Thursday, May 16, 2002

Librarians as Early Adopters of Technology!

Hi. There has been some interesting action on the list, so I want
to share it here, so those that only read the web page will catch it too.
Thanks to the lastest issue Free Pint which
listed the Handheld Librarian in an article on blogs.

Scott Adams, Assistant Professor of Instructional Technology at Arkansas
Tech University, has suggested two more terms for the pda glossary.
Thanks, Scott!
SD Card = A removable expansion card about the size of a postage stamp.. It may be used for memory or other devices.

Sled = An expansion device that clips to the back of a handheld computer.
Kathleen Meiners Branch Manager at Orange County Library System, Alafaya Library
in Orlando Florida asks if any public libraries are using handhelds to assist with reference
in a public library setting. Her library is beginning to use them for catalog searches and
web searches away from the reference desk. I have not heard of many public libraries
using handhelds. Tell us more about what you are doing, Kathleen! This is great. If you
share what you are doing, I will post it here.
Librarians as Early Adopters of Technology

Even if you are not a librarian who loves technology, gadgets, and gizmos, you
are probably at least a year or two ahead of the customers you serve in terms
of overall knowledge of technology and its applications which includes knowing how
to use google and to use the Internet to locate information. I was thinking about this
last night and talking to my colleagues at work about it over the last year or so.

Librarians, even those who don't like technology, are usually better versed and acquainted
with the possibilities of technology than the general or even a specialized clientele. Here
is an example. Yesterday, I was working with a medical resident who wanted something
in layman's terms to help explain a spider bite (yes, a spider bite! - no the customer didn't
think he was Spiderman!) and the symptoms of the bite. We looked in the usual excellent
medical database tools for some patient handouts and then we went to google. This resident,
who was well-versed in searching the most technical of medical databases had never done a
google search! When I explained what google was and what it indexed along with the usual
warnings of inaccurate information, etc. she was thrilled. She did not even know google existed!

Another example is in our pda project we work with a number of residents, doctors, and students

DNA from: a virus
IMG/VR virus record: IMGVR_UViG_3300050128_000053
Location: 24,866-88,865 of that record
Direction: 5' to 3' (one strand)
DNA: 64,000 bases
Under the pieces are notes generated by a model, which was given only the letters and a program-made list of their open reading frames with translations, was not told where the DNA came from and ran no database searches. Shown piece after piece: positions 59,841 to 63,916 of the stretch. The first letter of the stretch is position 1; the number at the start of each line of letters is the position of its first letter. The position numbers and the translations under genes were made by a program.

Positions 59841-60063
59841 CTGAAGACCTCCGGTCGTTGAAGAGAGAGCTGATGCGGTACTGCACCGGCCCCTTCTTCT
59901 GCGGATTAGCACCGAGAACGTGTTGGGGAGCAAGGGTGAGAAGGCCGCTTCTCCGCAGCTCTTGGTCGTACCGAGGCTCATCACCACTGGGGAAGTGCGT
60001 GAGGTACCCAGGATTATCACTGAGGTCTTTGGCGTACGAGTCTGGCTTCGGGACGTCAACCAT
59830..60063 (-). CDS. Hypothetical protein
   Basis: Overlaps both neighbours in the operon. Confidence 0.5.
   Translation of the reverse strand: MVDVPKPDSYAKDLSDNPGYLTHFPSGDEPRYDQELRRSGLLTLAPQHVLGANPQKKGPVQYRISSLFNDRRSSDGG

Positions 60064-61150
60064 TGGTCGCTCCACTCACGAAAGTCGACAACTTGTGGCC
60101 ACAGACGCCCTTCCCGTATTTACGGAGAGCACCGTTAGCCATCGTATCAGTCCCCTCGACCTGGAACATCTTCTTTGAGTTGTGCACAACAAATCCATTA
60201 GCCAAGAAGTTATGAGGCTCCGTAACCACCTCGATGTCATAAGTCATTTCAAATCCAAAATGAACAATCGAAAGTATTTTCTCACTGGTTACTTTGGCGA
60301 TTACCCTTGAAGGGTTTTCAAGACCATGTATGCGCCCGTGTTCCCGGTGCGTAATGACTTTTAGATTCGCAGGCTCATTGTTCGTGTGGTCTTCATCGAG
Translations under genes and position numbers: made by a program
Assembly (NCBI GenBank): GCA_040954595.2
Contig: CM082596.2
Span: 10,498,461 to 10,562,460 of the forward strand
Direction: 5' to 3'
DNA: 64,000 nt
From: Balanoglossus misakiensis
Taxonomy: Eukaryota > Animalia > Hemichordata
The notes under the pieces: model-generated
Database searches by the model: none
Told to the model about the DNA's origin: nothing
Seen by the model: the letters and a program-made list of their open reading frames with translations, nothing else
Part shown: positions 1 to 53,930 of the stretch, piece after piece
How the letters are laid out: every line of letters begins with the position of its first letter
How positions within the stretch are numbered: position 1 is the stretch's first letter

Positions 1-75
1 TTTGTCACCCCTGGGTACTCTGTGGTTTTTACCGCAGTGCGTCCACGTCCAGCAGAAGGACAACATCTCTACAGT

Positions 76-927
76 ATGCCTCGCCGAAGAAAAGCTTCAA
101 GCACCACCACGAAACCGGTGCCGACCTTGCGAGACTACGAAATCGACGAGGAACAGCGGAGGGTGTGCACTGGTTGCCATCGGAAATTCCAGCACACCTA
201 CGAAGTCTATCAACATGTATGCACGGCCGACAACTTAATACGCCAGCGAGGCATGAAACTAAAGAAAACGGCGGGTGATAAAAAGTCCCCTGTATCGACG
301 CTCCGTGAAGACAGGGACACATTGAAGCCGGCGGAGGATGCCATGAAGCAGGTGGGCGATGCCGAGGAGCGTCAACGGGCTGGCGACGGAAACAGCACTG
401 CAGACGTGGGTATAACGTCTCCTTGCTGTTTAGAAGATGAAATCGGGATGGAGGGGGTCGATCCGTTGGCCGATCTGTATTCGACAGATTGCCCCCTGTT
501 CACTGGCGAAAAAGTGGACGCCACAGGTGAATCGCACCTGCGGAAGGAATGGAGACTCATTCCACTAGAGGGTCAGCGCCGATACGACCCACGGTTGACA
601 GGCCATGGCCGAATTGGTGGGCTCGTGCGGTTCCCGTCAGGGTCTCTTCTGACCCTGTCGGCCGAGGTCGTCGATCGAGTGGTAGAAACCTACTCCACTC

who know three times as much as we do on pdas - (just as many who don't). However, this same
audience has no knowledge of what is involved in putting up a web page. You might argue with
me that not all librarians are web masters. This is true, and I am no longer a webmaster either,
even though I'd like to think I have some skills. However, even librarians who are not webmasters
are generally acquainted with the general knowledge to know the basics involved in putting up
a web page.

Why all this blather? This is an exciting profession to be in! Librarians are early adopters of new
technology and should use this for all it is worth. When I think about technology trends, and their
first implementation in the library field, it seems like the early implementers are about 3 years ahead
of the general ground swell of acceptance. The early implementers are those who love technology and
push it to its limit to make it work for the library applications. Usually, the average library picks up
on this technology application 1-2 years later if it is a good one, and the general public another year
or two later. I think that handheld/wireless technology will pick up for the general public in about 2 years
and libraries need to be ready to deal with it, be ahead of the curve, and be knowledgeable about
the possibilities. It is just impossible to keep up with every single nuance of what 's happening,
but with groups like this, and The Shifted Librarian,
librarians can be aware of the trends, the successful applications, and think about
how they can be used in the library.

Librarians have always been teachers and trainers. However, in a world where technology is changing
so quickly and even teen agers cannot keep up with every single technology application, librarians
can use their skills in keeping abreast of a variety of topics (which they have always done) to help
people learn how to use it and to find and evaluate information.

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